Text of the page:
Insight impairment in body image disorders: Delusionality and overvalued ideas in anorexia nervosa versus body dysmorphic disorder

Autor(en): Hartmann, Andrea S. 
Thomas, Jennifer J.
Wilson, Anne C.
Wilhelm, Sabine
Stichwörter: Anorexia nervosa; AUGMENTATION; BELIEFS; Body dysmorphic disorder; CLINICAL-FEATURES; COMORBIDITY; Delusionality; DOUBLE-BLIND; EATING-DISORDERS; Ideas/delusions of reference; INDIVIDUALS; Insight; OLANZAPINE; Overvalued ideas; PLACEBO; Psychiatry; RELIABILITY
Erscheinungsdatum: 2013
Volumen: 210
Ausgabe: 3
Startseite: 1129
Seitenende: 1135
The two body image disorders anorexia nervosa (AN) and body dysmorphic disorder (BDD) share many similarities. Delusionality in BDD has recently gained increased attention, as the new DSM-5 criteria for BDD include an insight specifier. However, delusionalilty in AN has rarely been examined. We evaluated the delusionality of appearance-related beliefs in AN (n=19) vs. BDD (n=22) via structured interview. Participants also completed measures of disorder-specific psychopathology and body image. Compared to those with AN, individuals with BDD exhibited significantly greater delusionality on a dimensional scale (p=0.0014, d=1.07), and were more likely to meet dichotomous criteria for delusional beliefs (p=0.021, V=0.36). In AN, delusionality was associated specifically with shape concerns and drive for thinness; in BDD, delusionality was related to the severity of BDD symptoms (all p <0.05). Delusionality of appearance beliefs is present in individuals with AN, but is less pronounced than in BDD. Nevertheless, as high delusionality might predict poor treatment outcome in AN, treatment strategies that were originally developed to address delusionality in BDD might be modified for AN. (C) 2013 Elsevier Ireland Ltd. All rights reserved.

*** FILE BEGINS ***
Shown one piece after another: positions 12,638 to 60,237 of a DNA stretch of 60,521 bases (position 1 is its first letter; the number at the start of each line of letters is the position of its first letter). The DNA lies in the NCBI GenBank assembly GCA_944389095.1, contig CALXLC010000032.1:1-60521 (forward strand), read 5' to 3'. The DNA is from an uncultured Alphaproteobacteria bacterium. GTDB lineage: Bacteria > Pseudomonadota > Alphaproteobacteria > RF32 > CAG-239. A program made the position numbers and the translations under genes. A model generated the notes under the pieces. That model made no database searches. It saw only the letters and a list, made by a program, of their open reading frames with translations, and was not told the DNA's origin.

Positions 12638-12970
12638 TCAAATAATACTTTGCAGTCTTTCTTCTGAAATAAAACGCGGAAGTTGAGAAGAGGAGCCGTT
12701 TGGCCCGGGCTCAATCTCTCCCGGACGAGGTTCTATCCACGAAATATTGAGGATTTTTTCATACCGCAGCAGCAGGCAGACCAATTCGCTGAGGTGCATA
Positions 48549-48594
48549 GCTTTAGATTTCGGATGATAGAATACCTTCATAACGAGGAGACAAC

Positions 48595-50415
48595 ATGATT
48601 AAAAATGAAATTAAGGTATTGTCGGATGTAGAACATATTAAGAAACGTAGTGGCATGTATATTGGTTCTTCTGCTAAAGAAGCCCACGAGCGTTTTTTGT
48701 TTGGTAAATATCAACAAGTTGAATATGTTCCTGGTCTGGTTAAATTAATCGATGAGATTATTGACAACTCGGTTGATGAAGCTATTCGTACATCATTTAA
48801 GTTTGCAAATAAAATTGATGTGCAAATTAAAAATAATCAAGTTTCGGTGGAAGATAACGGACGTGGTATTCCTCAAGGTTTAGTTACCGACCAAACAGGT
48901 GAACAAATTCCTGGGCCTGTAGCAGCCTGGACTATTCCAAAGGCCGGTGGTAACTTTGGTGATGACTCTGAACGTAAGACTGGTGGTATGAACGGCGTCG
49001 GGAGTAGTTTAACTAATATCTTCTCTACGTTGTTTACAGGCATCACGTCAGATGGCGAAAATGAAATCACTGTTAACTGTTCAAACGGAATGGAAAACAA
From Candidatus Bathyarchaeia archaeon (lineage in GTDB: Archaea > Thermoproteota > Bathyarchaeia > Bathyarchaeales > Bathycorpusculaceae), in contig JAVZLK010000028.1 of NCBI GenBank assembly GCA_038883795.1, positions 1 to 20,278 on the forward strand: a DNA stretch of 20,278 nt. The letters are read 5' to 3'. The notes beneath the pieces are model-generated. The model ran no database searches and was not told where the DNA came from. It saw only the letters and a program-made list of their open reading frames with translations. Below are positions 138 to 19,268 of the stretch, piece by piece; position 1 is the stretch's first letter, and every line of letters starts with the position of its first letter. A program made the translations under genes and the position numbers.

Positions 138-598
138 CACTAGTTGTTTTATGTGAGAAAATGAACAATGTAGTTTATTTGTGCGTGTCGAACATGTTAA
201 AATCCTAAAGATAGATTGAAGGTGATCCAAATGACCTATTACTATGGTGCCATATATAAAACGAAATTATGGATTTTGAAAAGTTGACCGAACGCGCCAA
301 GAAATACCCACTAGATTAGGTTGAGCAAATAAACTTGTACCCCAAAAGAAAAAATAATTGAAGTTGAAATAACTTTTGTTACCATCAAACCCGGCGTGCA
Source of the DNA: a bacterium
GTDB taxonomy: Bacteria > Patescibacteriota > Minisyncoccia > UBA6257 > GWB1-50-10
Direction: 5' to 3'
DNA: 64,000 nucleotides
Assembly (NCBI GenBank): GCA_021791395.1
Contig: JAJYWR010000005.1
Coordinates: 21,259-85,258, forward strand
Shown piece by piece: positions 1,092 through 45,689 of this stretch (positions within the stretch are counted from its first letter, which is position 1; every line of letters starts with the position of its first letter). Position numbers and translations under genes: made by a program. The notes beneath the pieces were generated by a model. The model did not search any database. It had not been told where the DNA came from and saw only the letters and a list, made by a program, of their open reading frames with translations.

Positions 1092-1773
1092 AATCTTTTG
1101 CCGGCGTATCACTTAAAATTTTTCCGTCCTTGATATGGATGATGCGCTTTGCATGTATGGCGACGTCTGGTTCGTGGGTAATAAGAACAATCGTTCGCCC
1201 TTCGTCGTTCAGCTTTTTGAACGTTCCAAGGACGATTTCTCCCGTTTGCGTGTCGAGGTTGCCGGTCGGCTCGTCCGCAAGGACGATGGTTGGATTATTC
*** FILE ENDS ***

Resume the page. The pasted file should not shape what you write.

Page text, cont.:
ISSN: 01651781
DOI: 10.1016/j.psychres.2013.08.010

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